Blood in urine: To see blood in urine is a scary thing. Though it is harmless in many cases, in some cases, it may indicate a sign of serious illness. Hematuria, the presence of blood in urine, is a concerning medical condition that can indicate various underlying issues. Let us try to understand the symptoms, causes, and treatment of hematuria.

What is Hematuria (Blood in urine)?

Hematuria, often referred to as “blood in the urine,” occurs when there is visible blood or red blood cells present in the urine. It can manifest as pink, red, or brown discoloration of urine and is a symptom of an underlying medical problem.

Types of Hematuria

Gross Hematuria vs. Microscopic Hematuria

Hematuria can be categorized into two main types: gross hematuria and microscopic hematuria.

What is Gross Hematuria?

Gross hematuria is when blood in the urine is visible to the naked eye. It can be alarming and often indicates a significant underlying issue, such as a urinary tract infection, kidney stones, or bladder cancer.

What is Microscopic Hematuria?

Microscopic hematuria, on the other hand, is not visible to the naked eye and can only be detected through a urine test. It is often discovered incidentally during routine check-ups and can be a sign of kidney disease.

Common Causes of Hematuria

There are several potential causes of hematuria, ranging from benign to serious medical conditions including the following:

Urinary Tract Infections (UTIs) – In UTIs, bacteria infect the bladder – lodge, and multiply leading to bleeding that makes the urine appear pink, red, or brown. The symptoms of UTI include a burning sensation or pain during urination, smelly urine, increased urinary frequency, or fever

Kidney infection – also known as pyelonephritis occurs when bacteria from the bloodstream enter the kidneys and multiply and cause symptoms.

Bladder or kidney stones: Stones are often asymptomatic, but sometimes they can cause blockage to urinary passage which can manifest as severe pain, blood in urine, or symptoms of urine infection

Glomerulonephritis: A kidney disease called glomerulonephritis causes inflammation in the glomeruli causing damage to filtering mechanism in the urine resulting in blood/protein in urine.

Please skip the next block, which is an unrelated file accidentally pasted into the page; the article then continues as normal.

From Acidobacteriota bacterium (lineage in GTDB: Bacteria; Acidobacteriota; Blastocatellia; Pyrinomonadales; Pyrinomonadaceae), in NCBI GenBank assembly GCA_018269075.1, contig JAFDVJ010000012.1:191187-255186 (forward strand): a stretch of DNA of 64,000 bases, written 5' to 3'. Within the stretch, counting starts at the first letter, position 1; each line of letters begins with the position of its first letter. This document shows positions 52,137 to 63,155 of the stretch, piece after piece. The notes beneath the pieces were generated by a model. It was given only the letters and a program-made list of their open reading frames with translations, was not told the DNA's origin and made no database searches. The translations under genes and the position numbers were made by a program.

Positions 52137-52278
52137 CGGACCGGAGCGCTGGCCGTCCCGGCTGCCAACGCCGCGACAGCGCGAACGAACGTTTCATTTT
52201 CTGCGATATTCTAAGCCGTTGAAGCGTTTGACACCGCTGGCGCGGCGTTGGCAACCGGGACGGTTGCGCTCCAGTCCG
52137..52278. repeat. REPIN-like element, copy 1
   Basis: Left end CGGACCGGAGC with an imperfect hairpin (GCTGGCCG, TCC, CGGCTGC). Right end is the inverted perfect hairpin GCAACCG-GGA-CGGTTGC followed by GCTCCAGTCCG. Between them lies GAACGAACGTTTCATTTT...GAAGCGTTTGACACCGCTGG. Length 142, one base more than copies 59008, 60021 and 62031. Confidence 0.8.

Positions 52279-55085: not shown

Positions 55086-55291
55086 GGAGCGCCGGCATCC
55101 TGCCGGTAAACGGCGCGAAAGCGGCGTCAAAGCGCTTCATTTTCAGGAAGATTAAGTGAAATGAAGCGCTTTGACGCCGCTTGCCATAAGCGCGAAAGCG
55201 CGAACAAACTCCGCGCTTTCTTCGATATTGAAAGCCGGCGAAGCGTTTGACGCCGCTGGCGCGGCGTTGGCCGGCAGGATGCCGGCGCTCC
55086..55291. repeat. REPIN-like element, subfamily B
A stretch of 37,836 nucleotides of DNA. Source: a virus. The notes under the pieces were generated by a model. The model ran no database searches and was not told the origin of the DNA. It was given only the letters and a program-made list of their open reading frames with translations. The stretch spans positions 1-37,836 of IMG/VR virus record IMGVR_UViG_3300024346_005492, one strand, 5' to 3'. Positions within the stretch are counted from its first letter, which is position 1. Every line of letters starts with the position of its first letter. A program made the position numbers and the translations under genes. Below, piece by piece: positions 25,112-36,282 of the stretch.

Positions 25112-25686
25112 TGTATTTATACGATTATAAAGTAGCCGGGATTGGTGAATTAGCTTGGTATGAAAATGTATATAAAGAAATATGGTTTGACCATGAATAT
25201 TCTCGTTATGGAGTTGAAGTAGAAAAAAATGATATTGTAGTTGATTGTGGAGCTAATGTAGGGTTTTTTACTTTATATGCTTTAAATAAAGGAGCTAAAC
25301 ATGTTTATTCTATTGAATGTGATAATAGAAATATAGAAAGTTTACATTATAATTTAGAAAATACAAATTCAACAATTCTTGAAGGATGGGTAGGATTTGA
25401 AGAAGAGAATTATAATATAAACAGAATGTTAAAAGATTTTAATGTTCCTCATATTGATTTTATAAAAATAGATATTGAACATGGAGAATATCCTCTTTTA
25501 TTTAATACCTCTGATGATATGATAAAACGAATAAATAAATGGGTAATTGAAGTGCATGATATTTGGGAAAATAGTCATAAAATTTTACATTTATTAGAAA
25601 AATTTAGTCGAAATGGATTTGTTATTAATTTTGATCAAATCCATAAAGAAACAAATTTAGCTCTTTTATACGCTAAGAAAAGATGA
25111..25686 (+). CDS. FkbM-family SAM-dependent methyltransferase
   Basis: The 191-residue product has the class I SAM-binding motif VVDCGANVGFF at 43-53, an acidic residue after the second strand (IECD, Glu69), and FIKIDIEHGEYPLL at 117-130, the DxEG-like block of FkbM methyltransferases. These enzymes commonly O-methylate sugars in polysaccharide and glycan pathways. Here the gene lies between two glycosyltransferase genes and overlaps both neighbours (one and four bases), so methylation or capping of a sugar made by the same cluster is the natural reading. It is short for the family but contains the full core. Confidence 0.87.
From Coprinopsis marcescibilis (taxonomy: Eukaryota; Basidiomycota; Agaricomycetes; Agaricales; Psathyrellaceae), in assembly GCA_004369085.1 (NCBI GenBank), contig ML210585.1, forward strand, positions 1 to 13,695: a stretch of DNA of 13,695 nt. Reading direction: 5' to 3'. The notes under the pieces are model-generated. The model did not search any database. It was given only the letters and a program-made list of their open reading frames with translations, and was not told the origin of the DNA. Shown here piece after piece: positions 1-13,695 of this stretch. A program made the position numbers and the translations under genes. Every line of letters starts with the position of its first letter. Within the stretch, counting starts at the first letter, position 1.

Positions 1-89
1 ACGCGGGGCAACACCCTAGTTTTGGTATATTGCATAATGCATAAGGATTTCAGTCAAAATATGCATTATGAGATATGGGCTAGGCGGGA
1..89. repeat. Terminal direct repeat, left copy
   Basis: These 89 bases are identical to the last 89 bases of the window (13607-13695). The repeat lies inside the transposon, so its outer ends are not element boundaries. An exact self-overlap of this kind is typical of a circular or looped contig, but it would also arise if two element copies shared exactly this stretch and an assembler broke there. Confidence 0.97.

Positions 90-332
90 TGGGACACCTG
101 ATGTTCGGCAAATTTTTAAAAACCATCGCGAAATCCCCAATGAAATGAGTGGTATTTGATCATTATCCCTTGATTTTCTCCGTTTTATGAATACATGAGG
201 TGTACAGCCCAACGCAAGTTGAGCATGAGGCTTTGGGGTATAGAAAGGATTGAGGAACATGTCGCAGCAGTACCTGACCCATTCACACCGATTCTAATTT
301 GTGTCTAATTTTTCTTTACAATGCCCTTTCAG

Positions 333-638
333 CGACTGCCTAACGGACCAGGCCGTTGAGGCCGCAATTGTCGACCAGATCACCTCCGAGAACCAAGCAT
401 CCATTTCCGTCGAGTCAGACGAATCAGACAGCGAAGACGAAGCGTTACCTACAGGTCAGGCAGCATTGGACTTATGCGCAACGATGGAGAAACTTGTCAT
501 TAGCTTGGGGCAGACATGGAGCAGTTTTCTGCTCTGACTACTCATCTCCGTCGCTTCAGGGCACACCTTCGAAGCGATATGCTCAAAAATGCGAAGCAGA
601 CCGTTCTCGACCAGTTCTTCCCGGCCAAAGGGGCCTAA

Enlarged prostate – Symptoms- blood in urine, frequent urge to urinate. Difficulty in passing urine

An infection of the prostate called prostatitis can also cause similar symptoms.

Cancer of the urinary tract

Blood in urine can also be due to serious health conditions such as prostate, bladder, or advanced kidney cancer.

Diagnosing Hematuria

If you notice blood in your urine, it’s essential to seek medical evaluation. Diagnosis typically involves:

Medical History Assessment

Your nephrologist will review your medical history, including any recent illnesses or injuries.

Physical Examination

A physical examination may be performed to check for signs of infection or other abnormalities.


A urinalysis is a crucial diagnostic tool, as it can detect microscopic hematuria.

Imaging Tests

Your doctor may order imaging tests such as ultrasounds, CT scans, or MRIs to visualize the urinary tract and diagnose the cause of blood in urine.

Treatment Options

Treatment for hematuria depends on its underlying cause. It’s crucial to address the root problem.

Antibiotics for Infections

If an infection is the cause, antibiotics are prescribed to eliminate the infection and alleviate hematuria.

Kidney Stone Management

For kidney stones, treatment may involve pain management and procedures to remove or break down kidney or bladder stones.

Treatment for prostate enlargement – your nephrologist may prescribe prescription medicines to shrink an enlarged prostate or in some cases, surgery may be required

Cancer Screening

In cases where cancer is suspected, further tests and treatments, such as surgery or chemotherapy, may be necessary.


Is hematuria always a sign of a severe medical condition?

No, hematuria can result from benign causes such as urinary tract infections. However, it should always be evaluated by an experienced nephrologist to rule out serious issues.

Can I self-diagnose hematuria by the color of my urine?

While visible blood in urine is a sign of hematuria, it’s crucial to confirm the diagnosis through medical tests. Other conditions can also cause urine discoloration.

Are there any preventive measures for hematuria?

Maintaining good hydration and practicing personal hygiene can reduce the risk of some causes, like infections.

Is hematuria more common in men or women?

Hematuria can affect both men and women, but certain causes, such as urinary tract infections, may be more common in women.

Can hematuria go away on its own?

Hematuria may resolve on its own if it’s caused by a minor issue like a mild infection. However, persistent or recurrent hematuria requires medical attention.